It’s official. Swimming has taken over. But of all the things I imagined it to be when I started on this swimming journey, birth control wasn’t one of them. Right now, feeling reflective as I near a decade of motherhood, I realise that swimming has been about more than repairing my postnatal body.
On this day in 2006 I was eleven days overdue with my first baby. Over the next fortnight my body would go through the most raw, physical experience of my life. From carrying a great weight and circulating 25% more blood, to medical procedures to induce labour, to labour itself in all its animal grit and rawness, to post-partum bleeding and repairs, to learning to breastfeed, carry and nurture my newborn son. Nothing could have prepared me for the physicality of motherhood.
That was just the beginning, though. Not just that looking after a child is an intensely physical experience until they are beyond the age of needing help eating, dressing, wiping their own bum. But also that I tripled this demand, having two more babies in 2007 and 2012.
Oddly, as I passed the two-and-a-half year mark with my youngest, I found myself drumming my fingers a bit. I no longer needed to change nappies or have someone balanced on my hip. I was sleeping an eight hour stretch most nights. The relentlessly physical demands of the last eight-and-a-half years had left my body feeling, well, like a used lump of flesh.
What should I do with it now? Childbearing was something I knew I was good at doing; I had the hips and everything. So my husband’s veto of a fourth child sent me into a bit of spin. And then to the pool.
It’s probably pure biology that drives women in particular to keep on procreating. But childrearing is tough work; demanding, relentless, ageing, expensive. The more children you have, the greater the demand on your person. It’s simple mathematics. There’s also unrivalled joy, of course. And having been consumed once or more by parenthood, the idea that you won’t get to bring another wonderful person into the world can take some getting used to.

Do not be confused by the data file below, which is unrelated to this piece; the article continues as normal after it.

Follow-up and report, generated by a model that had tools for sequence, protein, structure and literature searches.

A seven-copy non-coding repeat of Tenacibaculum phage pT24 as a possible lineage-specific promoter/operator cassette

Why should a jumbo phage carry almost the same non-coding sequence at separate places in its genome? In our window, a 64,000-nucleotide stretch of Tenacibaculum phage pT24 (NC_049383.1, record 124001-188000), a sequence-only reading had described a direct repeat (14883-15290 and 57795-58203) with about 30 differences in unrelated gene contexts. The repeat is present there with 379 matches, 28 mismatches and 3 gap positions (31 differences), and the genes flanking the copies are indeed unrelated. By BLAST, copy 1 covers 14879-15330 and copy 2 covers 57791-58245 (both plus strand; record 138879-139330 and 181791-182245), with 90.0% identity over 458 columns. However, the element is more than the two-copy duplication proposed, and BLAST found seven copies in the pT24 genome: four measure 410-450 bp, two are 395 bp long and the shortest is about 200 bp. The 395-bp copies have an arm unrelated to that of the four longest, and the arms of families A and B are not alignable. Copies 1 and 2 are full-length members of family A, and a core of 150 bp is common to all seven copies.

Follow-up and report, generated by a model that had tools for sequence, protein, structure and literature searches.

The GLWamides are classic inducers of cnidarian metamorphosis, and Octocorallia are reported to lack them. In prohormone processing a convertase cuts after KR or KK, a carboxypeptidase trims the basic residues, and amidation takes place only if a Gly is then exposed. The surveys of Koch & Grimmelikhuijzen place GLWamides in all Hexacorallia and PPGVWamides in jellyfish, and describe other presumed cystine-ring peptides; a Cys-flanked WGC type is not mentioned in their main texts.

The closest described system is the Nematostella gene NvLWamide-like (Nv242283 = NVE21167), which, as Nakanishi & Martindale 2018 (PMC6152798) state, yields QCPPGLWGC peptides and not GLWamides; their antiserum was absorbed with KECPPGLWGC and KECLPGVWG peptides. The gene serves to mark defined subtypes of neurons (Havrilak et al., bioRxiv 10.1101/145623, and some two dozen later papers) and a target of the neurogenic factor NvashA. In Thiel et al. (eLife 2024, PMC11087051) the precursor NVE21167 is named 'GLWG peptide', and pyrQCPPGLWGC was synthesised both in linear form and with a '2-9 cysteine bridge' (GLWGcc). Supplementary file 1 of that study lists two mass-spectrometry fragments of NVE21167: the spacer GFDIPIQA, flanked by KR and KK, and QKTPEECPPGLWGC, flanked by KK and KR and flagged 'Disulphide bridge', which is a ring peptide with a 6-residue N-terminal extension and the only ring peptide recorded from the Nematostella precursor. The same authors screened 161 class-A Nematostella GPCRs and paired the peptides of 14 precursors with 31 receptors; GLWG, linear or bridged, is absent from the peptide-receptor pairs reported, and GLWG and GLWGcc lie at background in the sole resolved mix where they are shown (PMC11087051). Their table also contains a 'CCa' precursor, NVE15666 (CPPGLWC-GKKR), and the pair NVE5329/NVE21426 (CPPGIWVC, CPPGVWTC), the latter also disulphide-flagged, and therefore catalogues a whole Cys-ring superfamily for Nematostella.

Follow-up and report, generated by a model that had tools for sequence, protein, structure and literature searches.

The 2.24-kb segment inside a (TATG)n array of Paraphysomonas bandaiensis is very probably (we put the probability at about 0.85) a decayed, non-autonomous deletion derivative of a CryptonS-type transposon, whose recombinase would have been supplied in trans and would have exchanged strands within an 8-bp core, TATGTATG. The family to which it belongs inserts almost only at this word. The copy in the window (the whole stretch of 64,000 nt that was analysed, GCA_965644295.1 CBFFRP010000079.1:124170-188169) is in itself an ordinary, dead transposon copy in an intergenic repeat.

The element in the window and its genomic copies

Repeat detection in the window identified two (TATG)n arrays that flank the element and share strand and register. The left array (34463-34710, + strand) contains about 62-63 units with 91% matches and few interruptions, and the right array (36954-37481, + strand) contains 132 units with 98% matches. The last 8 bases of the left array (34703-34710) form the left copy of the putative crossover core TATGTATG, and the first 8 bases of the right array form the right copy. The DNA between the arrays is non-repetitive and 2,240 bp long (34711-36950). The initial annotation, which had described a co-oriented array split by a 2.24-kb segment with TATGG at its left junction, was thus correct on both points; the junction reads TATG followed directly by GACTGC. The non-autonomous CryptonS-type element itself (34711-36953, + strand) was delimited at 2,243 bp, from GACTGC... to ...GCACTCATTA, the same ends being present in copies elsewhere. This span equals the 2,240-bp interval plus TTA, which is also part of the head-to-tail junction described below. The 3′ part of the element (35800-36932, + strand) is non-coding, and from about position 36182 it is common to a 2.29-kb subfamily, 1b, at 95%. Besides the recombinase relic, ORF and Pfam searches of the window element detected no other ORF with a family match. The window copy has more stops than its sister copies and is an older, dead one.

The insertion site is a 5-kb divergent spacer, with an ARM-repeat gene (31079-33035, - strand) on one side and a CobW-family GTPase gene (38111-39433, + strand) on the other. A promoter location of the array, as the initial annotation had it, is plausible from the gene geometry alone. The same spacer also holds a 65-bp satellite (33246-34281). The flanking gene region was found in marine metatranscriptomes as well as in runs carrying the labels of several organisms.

There are hundreds of blogs, discussion forum posts on parenting forums like Mumsnet, even a Wiki-how entry (with pictures) about how to cope with not having another child. Some describe it as an itch, or a grieving process. Some yearn for the pregnancy, or the newborn, others the child themselves and the ensuing chaos they’ll bring to the family like this columnist.
It wasn’t until I started swimming that I realised that being proud of my body for something other than pushing out a ten pound baby (my third. I did that!) was just what I needed. Focussing on swimming filled a void that so easily could have been a fourth baby, had my husband been less adamant.
I could write a list of the relative pros of bring human life into the world verses those of going for a swim. But suffice to say that while I do make lovely babies, and number four could have been a Nobel prize winning game-changer, for my mental and physical health, swimming has been the better choice.
A decade on, my body’s been changed by childbirth, but swimming is helping mend it: diastasis rectus abdomonis rectified by the core conditioning part; a weakened glute and wonky pelvis from all that baby carrying strengthened by the resistance of the water; and a calm mind achieved from the quiet focus that comes from bashing out lengths. I wrote this article last year about why swimming is good for post-natal mums.
Now I feel healthy and strong, I can’t imagine again putting my body through pregnancy, labour and caring for a baby. For me, it’s been about occupying myself physically, and remodelling my body from postnatal lump of flesh to one that can nail long-distance open water endurance swims. This has been wonderful for my self esteem, and while not dissimilar to labour, it won’t tear my perineum, which is a total bonus.